• ELA-Literacy.RL.11-12.7: Analyze multiple interpretations of a story, drama, or poem (e.g., recorded or live production of a play or recorded novel or poetry), evaluating how each version interprets the source text. (Include at least one play by Shakespeare and one play by an American dramatist.)

Check out all of our Shakespeare Resources

How to Teach Historical and Political Context in Shakespearean Plays


Establish Historical Background

Introduce the historical period in which Shakespeare wrote his plays, such as the Elizabethan or Jacobean era. Provide an overview of the key events, social structures, and cultural norms of the time, including the monarchy, religious tensions, and the role of theater in society.


Introduce Political Influences

Explore the political climate during Shakespeare's time, including the influence of monarchs like Queen Elizabeth I and King James I. Discuss the power dynamics, court politics, and the role of patronage in shaping Shakespeare's work.


Connect Historical Context to the Plays

Analyze specific plays in relation to their historical and political context. Discuss how societal beliefs, cultural practices, and political events of the time influenced the themes, characters, and plot of the plays.


Use Primary Sources

Incorporate primary sources such as historical documents, letters, and speeches to deepen students' understanding of the historical context. Engage students in analyzing and interpreting these sources to gain insights into the perspectives and concerns of Shakespeare's contemporaries.


Explore Social Issues and Cultural Values

Discuss the social issues and cultural values prevalent during Shakespeare's time, such as gender roles, class divisions, and religious tensions. Analyze how these issues are reflected in the plays and how they relate to contemporary issues and societal debates.


Foster Critical Thinking and Discussion

Encourage students to critically examine the plays in light of the historical and political context, prompting them to consider the intended audience, the playwright's motivations, and the potential messages embedded within the texts. Facilitate class discussions and debates that allow students to explore different interpretations and perspectives related to the historical and political context of the plays.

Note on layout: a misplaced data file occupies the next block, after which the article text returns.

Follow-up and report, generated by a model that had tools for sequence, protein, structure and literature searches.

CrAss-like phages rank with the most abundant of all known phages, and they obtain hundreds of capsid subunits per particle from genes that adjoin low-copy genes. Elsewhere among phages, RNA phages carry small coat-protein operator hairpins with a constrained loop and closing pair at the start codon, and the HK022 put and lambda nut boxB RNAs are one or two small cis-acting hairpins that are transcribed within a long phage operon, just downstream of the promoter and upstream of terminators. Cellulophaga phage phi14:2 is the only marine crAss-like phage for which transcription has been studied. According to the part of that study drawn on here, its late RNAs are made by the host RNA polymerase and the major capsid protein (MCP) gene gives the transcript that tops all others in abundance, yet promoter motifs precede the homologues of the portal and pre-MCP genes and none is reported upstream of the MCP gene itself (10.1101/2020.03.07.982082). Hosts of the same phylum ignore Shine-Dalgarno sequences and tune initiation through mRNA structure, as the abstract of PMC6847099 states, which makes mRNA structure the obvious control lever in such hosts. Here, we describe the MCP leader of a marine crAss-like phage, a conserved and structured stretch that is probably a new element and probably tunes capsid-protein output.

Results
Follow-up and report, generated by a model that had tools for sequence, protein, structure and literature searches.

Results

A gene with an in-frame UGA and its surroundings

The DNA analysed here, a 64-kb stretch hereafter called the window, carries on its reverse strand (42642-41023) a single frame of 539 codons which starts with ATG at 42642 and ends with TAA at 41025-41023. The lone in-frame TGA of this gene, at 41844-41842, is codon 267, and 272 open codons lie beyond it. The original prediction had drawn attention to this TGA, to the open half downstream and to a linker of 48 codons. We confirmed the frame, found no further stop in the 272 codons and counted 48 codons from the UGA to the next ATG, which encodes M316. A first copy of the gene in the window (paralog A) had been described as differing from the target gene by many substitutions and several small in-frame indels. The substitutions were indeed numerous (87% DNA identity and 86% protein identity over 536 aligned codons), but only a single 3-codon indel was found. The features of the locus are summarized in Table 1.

Frequently Asked Questions about Types of Shakespeare Plays

How can worksheets be used to enhance learning of Shakespeare's plays in the classroom?

Worksheets can be used to enhance learning of Shakespeare's plays by providing students with activities that encourage them to analyze the language and themes of the plays. For example, a worksheet might ask students to identify examples of metaphor or symbolism in a particular scene or to write a short analysis of a character's motivations.

How can studying Shakespeare's plays help students develop critical thinking skills?

Studying Shakespeare's plays can help students develop critical thinking skills by encouraging them to analyze complex characters, explore nuanced themes, and understand the social and historical context of the plays. By engaging with the material in this way, students can develop their ability to think critically, make connections, and communicate their ideas effectively.

How can teachers incorporate Shakespeare's plays into the classroom curriculum for different age groups or learning levels?

Teachers can incorporate Shakespeare's plays into their curriculum by assigning readings, organizing class discussions, and staging productions. By encouraging students to analyze the language and themes of the plays, teachers can help students develop critical thinking skills and enhance their reading comprehension. Shakespeare's plays can be adapted for different age groups or learning levels by selecting appropriate plays, providing simplified language versions, or breaking down the plays into smaller, more manageable sections. Teachers can also adjust the level of analysis required of students depending on their learning level.

Find more activities like this in our 6-12 ELA Category!